Fuying Song

Capital institute of Pediatrics, Peping, Beijing, China

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Publications (2)2.8 Total impact

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    ABSTRACT: Glucose transporter type 1 deficiency syndrome is characterized by infantile onset seizures, development delay, movement disorders, and acquired microcephaly. The phenotype includes allelic variants such as intermittent ataxia, choreoathetosis, dystonia, and alternating hemiplegia of childhood with or without epilepsy. Dystonias involve allelic variants of glucose transporter type 1 deficiency syndrome. Three Chinese patients presented with paroxysmal behavioral disturbance, weakness, ataxia (especially after fasting), and exercise intolerance. Electroencephalogram findings did not correlate with clinical manifestations. Cranial magnetic resonance imaging produced normal results or mild hypomyelination. Hypoglycorrhachia was evident in all cases. Cerebrospinal fluid glucose ranged from 1.63-2.45 mmol/L. Erythrocyte 3-O-methyl-d-glucose uptake was decreased to 58% in patient 1. Three SLC2A1 disease-causing mutations (761delA, P383H, and R400C) were observed. No patient tolerated ketogenic diets. Two patients responded to frequent meals with snacks. Cerebrospinal fluid evaluation constitutes the diagnostic testing permitting early treatment of glucose transporter type 1 deficiency syndrome. Early diagnosis and treatment improve prognoses.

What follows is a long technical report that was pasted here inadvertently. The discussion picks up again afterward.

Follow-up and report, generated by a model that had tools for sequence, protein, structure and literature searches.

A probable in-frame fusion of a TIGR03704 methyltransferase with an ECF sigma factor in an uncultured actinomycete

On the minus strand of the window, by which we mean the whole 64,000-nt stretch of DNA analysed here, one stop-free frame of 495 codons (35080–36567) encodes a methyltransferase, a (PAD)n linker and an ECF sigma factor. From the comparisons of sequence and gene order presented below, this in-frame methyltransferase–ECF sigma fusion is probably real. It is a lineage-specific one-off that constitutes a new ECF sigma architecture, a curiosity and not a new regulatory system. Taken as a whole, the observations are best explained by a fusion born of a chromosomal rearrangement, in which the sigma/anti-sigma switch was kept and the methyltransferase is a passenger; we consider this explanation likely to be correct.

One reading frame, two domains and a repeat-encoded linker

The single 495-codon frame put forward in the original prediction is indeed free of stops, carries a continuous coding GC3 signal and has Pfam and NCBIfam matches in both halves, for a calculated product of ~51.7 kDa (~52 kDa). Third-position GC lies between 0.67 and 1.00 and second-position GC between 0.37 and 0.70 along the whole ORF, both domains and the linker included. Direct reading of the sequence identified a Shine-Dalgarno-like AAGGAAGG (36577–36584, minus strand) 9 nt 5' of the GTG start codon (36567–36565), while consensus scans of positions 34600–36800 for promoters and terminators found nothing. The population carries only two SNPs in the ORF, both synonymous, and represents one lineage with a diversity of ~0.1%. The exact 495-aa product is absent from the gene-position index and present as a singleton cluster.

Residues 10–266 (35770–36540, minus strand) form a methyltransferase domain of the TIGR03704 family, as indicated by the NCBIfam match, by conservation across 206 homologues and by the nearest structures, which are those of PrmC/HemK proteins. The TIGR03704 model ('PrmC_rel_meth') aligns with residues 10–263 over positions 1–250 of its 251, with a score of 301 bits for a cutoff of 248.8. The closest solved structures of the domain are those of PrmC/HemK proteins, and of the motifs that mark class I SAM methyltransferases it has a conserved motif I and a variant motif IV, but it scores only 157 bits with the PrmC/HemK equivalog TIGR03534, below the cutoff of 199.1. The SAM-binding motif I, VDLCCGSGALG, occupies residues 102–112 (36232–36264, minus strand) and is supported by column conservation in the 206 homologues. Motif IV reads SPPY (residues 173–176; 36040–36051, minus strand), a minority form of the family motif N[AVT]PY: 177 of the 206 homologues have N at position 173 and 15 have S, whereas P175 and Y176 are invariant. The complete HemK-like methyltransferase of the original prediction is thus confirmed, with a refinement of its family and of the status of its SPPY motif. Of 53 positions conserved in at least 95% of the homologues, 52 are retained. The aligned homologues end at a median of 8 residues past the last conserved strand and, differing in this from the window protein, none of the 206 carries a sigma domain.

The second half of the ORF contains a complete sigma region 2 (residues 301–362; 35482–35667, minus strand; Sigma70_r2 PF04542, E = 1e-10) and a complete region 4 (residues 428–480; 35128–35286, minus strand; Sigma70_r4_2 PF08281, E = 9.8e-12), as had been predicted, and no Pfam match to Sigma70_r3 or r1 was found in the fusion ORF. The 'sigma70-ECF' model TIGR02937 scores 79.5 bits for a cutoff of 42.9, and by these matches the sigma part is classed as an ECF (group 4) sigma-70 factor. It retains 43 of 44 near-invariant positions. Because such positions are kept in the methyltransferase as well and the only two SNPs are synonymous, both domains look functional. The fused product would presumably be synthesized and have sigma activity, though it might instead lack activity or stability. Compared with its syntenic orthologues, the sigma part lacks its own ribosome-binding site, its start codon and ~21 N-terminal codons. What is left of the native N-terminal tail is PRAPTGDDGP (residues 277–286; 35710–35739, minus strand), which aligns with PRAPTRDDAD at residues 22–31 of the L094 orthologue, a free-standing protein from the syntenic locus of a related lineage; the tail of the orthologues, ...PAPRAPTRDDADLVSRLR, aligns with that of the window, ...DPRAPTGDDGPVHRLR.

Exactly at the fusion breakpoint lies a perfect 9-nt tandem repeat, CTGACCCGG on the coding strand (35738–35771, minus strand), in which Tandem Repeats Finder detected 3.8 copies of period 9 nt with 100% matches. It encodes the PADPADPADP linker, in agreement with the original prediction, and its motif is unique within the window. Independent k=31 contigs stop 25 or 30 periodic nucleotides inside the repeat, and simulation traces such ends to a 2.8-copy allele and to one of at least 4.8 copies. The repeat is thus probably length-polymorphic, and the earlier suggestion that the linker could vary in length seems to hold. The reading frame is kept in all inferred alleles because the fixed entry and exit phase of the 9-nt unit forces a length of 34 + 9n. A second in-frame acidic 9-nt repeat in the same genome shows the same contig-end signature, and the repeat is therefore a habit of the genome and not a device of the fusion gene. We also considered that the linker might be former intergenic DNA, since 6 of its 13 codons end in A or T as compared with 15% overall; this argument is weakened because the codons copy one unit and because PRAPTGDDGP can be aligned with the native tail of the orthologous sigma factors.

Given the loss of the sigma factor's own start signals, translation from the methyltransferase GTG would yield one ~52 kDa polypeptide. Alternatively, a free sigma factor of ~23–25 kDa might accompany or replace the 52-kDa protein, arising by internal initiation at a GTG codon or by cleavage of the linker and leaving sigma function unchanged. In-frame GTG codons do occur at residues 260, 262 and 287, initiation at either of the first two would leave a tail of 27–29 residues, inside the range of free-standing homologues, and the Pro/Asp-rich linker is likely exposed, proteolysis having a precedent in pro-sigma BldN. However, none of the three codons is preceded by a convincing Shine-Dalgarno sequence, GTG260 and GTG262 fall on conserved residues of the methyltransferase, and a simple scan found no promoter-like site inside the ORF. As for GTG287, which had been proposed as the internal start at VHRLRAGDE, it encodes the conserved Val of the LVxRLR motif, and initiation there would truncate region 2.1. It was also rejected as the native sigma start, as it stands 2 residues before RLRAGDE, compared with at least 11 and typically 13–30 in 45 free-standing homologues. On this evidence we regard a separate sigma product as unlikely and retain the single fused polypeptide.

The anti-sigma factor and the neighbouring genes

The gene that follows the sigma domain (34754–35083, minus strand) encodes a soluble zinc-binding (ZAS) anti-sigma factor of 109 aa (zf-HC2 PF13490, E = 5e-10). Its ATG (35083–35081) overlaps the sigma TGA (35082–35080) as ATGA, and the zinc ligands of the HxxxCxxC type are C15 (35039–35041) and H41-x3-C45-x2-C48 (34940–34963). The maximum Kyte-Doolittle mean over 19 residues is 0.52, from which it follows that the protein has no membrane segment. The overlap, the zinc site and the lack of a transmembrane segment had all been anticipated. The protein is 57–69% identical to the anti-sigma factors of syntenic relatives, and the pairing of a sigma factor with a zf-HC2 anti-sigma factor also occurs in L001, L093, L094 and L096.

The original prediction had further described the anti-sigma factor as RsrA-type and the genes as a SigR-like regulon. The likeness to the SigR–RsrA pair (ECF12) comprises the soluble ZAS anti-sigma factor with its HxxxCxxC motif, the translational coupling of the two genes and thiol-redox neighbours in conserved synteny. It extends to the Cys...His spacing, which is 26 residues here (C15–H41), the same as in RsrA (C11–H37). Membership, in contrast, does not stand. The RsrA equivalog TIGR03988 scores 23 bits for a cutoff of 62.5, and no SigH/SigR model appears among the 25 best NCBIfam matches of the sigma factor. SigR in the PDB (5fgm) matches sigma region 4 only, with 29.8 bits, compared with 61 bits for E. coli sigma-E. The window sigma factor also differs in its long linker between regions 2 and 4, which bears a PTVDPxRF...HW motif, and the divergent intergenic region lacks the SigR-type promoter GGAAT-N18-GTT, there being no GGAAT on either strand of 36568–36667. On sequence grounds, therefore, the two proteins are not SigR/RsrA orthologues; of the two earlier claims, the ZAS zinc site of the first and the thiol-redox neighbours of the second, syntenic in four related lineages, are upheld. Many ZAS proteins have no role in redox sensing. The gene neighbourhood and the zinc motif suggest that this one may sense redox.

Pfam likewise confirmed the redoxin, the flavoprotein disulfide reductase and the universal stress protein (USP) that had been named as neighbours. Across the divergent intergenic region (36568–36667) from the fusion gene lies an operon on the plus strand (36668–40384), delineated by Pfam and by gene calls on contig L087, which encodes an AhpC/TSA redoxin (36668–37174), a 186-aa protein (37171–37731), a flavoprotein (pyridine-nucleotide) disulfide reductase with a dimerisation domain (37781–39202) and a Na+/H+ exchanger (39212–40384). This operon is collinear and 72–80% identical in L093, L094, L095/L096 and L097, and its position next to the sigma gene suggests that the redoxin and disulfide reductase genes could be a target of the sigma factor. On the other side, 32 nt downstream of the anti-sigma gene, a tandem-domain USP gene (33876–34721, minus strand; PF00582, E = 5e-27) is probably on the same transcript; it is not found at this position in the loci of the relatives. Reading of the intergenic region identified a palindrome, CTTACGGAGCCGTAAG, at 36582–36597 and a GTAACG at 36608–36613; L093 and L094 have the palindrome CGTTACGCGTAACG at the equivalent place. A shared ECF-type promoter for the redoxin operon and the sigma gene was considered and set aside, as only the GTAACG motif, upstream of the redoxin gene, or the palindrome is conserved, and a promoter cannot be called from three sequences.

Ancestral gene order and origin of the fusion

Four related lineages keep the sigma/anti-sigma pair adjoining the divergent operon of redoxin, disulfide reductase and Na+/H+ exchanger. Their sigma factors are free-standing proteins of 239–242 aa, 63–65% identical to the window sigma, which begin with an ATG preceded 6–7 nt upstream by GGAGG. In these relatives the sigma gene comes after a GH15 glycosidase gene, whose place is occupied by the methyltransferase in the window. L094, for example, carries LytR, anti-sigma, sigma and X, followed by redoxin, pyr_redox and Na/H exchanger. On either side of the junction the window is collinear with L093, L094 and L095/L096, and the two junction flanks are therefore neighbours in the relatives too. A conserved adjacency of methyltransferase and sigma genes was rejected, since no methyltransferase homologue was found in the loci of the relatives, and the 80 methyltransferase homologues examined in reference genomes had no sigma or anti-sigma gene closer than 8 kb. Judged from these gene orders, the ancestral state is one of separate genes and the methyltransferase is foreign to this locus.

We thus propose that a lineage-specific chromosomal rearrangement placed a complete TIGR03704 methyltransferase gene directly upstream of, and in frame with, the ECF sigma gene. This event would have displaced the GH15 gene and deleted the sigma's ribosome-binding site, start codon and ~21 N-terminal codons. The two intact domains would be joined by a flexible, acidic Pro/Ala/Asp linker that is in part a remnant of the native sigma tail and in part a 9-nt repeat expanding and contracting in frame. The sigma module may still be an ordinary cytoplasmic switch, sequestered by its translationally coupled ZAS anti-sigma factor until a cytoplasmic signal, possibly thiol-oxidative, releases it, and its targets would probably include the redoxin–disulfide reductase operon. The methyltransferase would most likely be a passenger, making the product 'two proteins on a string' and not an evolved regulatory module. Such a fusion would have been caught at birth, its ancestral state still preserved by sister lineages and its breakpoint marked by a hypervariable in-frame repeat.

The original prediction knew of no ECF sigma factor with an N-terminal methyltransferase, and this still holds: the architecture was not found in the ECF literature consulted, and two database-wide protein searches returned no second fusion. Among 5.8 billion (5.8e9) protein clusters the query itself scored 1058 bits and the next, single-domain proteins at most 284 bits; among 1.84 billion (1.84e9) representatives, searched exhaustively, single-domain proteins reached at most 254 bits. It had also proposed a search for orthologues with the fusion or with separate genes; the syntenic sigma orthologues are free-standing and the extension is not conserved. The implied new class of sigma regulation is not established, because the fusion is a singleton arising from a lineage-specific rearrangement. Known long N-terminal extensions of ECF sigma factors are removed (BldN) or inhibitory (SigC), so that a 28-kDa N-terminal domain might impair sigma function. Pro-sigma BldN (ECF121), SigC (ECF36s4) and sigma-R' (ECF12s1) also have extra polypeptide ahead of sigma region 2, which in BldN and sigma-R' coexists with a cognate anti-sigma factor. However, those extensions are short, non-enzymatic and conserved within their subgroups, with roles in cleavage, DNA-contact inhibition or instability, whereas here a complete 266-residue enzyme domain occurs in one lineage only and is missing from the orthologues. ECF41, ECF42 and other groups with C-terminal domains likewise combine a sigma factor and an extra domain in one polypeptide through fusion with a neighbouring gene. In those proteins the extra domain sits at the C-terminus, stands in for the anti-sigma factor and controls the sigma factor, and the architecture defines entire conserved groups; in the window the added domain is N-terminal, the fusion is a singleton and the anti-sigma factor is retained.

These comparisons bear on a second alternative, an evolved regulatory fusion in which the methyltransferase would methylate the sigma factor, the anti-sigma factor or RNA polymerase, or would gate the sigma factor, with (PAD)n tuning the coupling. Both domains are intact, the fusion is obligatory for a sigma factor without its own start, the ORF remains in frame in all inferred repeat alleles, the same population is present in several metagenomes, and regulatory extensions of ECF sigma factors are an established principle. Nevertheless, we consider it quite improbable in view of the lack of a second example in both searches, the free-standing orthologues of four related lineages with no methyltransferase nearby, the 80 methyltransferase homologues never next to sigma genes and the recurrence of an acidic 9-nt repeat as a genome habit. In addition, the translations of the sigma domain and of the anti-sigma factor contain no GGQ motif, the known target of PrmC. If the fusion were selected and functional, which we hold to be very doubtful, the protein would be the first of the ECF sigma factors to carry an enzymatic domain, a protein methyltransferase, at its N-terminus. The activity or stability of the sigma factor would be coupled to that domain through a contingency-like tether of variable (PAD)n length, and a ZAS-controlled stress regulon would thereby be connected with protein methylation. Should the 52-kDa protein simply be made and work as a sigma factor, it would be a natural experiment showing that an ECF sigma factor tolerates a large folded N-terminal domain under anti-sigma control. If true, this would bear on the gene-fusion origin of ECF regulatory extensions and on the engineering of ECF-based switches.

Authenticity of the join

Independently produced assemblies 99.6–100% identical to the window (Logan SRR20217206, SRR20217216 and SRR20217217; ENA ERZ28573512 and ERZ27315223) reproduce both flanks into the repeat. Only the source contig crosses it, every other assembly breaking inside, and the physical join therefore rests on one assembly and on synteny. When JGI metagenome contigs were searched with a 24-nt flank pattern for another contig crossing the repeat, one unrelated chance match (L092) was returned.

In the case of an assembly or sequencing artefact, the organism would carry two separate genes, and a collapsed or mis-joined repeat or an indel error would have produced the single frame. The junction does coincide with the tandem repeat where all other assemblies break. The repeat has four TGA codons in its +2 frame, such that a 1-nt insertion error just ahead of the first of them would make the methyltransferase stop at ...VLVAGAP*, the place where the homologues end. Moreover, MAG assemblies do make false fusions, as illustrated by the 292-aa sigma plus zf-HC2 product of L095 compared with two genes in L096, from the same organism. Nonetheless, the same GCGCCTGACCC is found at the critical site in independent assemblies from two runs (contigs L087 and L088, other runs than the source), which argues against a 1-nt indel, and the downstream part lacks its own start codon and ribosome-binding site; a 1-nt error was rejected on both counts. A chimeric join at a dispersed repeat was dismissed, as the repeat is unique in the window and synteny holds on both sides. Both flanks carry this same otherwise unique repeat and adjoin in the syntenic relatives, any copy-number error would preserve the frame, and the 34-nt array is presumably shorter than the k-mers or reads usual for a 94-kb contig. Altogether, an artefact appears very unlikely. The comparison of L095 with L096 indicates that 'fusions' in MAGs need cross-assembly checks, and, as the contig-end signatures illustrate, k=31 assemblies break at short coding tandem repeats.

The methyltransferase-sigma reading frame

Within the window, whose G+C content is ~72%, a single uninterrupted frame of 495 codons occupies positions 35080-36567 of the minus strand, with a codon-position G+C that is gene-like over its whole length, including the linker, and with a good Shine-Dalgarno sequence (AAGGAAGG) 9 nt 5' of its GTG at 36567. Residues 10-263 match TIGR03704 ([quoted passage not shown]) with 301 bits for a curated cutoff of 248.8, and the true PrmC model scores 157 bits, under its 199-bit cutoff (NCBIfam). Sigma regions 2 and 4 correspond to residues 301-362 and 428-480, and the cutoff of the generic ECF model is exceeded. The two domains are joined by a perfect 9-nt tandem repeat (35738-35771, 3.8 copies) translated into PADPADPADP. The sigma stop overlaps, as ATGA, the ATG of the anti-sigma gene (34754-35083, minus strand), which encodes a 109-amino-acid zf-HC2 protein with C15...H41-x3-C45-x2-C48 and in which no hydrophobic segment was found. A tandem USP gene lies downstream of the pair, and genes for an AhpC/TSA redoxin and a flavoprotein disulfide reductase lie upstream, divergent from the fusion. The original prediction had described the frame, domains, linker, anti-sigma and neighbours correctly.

Pediatric Neurology 07/2012; 47(1):30-4. · 1.42 Impact Factor
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    ABSTRACT: Rett syndrome (RTT) is an X-linked dominant neurodevelopment disorder, which is mainly caused by gene mutation of methyl-CpG-binding protein 2 (MECP2). The correlations between genotype, X chromosome inactivation (XCI), and phenotype have been studied, but the results are conflicting. In the present study, XCI patterns in patients and their mothers, parental origin of skewed X chromosome in patients, and the correlations between XCI, genotype, and phenotype were analyzed in 52 cases of RTT with MECP2 mutations, 50 RTT mothers, and 48 normal female controls. The results showed XCI and genotype had limitations in explaining all the phenotypic manifestations of RTT. Other genomic factors have to be considered to explain the phenotypic differences.
    Journal of Child Neurology 02/2008; 23(1):22-5. · 1.39 Impact Factor